As with any fierce competition, there are bound to be casualties. When the Department of Energy in 2012 announced the contenders for three multimillion-dollar grants to complete pilot offshore wind projects, there were seven developers in the running — one in Oregon, one in Lake Erie, one on Texas’ Gulf Coast and four on the East Coast. Now there are six, after Maine’s conservative governor successfully squelched one of the proposals in his state. Another East Coast pilot recently suffered a major setback — a setback some local environmentalists have linked to a different Republican governor’s presidential ambitions.
Environmental groups today threw heaps of praise on this morning’s Supreme Court ruling upholding U.S. EPA’s authority to regulate cross-state air pollution, while industry groups and some Republicans said the decision could imperil U.S. energy sources and further federalizes environmental regulation. Some environmentalists also suggested that the recent string of court rulings supporting EPA make it more likely that the agency’s blockbuster upcoming greenhouse gas regulations might survive inevitable court scrutiny.
In a landmark win for the Obama administration and public health advocates, the Supreme Court today resurrected U.S. EPA’s program for air pollution that drifts across state lines after a lower court had thrown it out. The 6-2 decision upholds EPA’s Cross-State Air Pollution Rule, or CSAPR, a regulatory regime for 28 Eastern states that requires upwind states to cut emissions that cause downwind states to exceed the agency’s air standards. A federal appellate court invalidated the program in August 2012 after it was challenged by utilities and several states, holding that EPA had improperly relied on a cost analysis in determining how much states must cut emissions and superseded state authority by implementing federal plans before states were allowed to draft their own.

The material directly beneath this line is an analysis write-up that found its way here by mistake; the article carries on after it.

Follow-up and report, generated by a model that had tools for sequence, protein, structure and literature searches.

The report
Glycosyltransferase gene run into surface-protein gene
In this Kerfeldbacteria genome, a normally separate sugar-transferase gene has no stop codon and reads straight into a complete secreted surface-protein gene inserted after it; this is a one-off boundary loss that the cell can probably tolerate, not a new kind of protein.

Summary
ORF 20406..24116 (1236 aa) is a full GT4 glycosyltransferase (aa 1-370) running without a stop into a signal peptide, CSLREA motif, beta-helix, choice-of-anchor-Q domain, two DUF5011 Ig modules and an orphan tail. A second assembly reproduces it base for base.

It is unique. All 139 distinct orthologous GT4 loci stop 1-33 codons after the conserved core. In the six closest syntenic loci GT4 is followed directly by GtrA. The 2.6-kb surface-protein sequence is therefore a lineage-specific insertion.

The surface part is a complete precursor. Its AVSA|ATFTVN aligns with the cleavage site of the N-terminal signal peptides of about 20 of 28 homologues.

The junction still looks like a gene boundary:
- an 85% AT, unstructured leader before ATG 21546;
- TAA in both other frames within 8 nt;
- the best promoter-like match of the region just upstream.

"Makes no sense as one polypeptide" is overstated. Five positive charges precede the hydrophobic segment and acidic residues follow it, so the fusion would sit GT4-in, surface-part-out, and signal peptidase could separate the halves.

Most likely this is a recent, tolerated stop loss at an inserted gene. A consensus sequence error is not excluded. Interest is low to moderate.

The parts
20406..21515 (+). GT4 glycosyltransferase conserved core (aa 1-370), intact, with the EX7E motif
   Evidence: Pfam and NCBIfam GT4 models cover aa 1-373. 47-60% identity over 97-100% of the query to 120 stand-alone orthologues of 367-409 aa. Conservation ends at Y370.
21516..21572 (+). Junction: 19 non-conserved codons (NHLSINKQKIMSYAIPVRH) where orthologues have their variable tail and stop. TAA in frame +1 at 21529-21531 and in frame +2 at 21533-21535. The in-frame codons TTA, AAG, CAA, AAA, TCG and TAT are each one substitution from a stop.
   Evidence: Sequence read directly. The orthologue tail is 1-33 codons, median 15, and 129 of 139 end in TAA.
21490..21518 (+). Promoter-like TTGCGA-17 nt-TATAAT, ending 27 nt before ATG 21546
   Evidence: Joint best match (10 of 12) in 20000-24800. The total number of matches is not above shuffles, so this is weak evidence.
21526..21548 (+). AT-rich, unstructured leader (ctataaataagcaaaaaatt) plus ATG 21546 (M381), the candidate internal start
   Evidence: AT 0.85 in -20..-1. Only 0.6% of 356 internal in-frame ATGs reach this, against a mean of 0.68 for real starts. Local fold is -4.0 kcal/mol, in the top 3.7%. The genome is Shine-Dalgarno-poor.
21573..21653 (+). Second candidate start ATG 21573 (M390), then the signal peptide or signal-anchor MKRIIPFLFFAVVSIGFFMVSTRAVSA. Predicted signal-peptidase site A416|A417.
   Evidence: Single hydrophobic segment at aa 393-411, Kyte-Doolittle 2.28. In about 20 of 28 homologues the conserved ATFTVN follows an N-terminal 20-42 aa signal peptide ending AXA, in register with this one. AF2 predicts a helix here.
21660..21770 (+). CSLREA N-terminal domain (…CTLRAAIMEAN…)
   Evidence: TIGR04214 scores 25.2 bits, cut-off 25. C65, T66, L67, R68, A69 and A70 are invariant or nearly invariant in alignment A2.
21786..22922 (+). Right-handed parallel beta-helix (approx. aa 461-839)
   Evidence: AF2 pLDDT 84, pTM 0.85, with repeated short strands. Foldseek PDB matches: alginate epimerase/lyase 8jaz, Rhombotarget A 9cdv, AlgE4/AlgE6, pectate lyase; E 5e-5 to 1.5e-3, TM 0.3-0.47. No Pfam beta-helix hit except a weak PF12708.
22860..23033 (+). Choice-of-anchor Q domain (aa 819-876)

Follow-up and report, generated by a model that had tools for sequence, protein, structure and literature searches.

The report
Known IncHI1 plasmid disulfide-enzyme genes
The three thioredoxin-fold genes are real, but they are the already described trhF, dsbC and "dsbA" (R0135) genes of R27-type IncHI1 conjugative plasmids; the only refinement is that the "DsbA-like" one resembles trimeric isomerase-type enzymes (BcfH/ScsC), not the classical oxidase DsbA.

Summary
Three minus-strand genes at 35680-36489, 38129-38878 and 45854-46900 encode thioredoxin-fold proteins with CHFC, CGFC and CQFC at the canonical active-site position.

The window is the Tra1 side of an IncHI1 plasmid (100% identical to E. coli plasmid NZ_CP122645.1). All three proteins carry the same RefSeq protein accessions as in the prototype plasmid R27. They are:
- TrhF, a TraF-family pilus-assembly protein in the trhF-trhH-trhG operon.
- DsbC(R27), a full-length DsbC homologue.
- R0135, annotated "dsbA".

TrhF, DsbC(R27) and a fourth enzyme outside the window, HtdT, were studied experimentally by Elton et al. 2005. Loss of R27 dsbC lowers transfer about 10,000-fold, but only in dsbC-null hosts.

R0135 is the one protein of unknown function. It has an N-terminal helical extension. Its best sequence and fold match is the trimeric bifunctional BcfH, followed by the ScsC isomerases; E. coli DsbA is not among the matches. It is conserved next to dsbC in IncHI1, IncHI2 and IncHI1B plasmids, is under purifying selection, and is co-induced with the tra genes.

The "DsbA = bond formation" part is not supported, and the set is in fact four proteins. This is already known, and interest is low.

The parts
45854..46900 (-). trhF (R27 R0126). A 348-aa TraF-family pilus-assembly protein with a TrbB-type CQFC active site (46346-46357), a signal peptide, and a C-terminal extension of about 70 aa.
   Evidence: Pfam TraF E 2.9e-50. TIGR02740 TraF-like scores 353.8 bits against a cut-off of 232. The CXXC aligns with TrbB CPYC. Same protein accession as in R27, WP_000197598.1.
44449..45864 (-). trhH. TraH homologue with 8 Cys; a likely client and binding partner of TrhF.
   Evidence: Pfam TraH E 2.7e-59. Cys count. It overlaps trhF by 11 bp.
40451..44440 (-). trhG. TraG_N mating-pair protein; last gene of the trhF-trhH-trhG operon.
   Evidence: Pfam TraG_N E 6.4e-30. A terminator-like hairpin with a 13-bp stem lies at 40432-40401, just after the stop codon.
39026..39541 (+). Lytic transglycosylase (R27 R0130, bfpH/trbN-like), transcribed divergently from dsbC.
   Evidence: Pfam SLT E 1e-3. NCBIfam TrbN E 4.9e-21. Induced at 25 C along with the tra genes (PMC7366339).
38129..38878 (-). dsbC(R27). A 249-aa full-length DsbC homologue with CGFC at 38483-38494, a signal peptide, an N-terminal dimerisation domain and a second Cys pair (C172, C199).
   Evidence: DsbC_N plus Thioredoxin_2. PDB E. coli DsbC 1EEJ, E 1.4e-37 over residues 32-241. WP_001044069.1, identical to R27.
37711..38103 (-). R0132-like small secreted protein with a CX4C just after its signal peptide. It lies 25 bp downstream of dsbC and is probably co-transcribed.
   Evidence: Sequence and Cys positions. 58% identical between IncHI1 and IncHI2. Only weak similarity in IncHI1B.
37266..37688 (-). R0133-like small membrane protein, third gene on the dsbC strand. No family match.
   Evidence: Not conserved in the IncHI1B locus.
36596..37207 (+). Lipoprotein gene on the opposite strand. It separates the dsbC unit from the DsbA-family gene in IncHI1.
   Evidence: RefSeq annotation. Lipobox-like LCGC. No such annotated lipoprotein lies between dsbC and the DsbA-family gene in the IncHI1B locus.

In a major victory for the Obama administration, the Supreme Court on Tuesday upheld the authority of the Environmental Protection Agency to regulate the smog from coal plants that drifts across state lines from 28 Midwestern and Appalachian states to the East Coast. The 6-to-2 ruling bolsters the centerpiece of President Obama’s environmental agenda: a series of new regulations aimed at cutting pollution from coal-fired power plants. Republicans and the coal industry have criticized the regulations, which use the Clean Air Act as their legal authority, as a “war on coal.” The industry has waged an aggressive legal battle to undo the rules.
U.S. EPA Administrator Gina McCarthy today struck back at EPA critics in a forceful address to scientists that defended agency actions on climate change, air quality issues and safe drinking water. With science as our North Star, EPA has steered America away from health risks and toward healthier communities and a higher overall quality of life,” she told the annual meeting of the National Academy of Sciences in Washington. “That’s why it’s worrisome that our science seems to be under constant assault by a small — but vocal — group of critics.”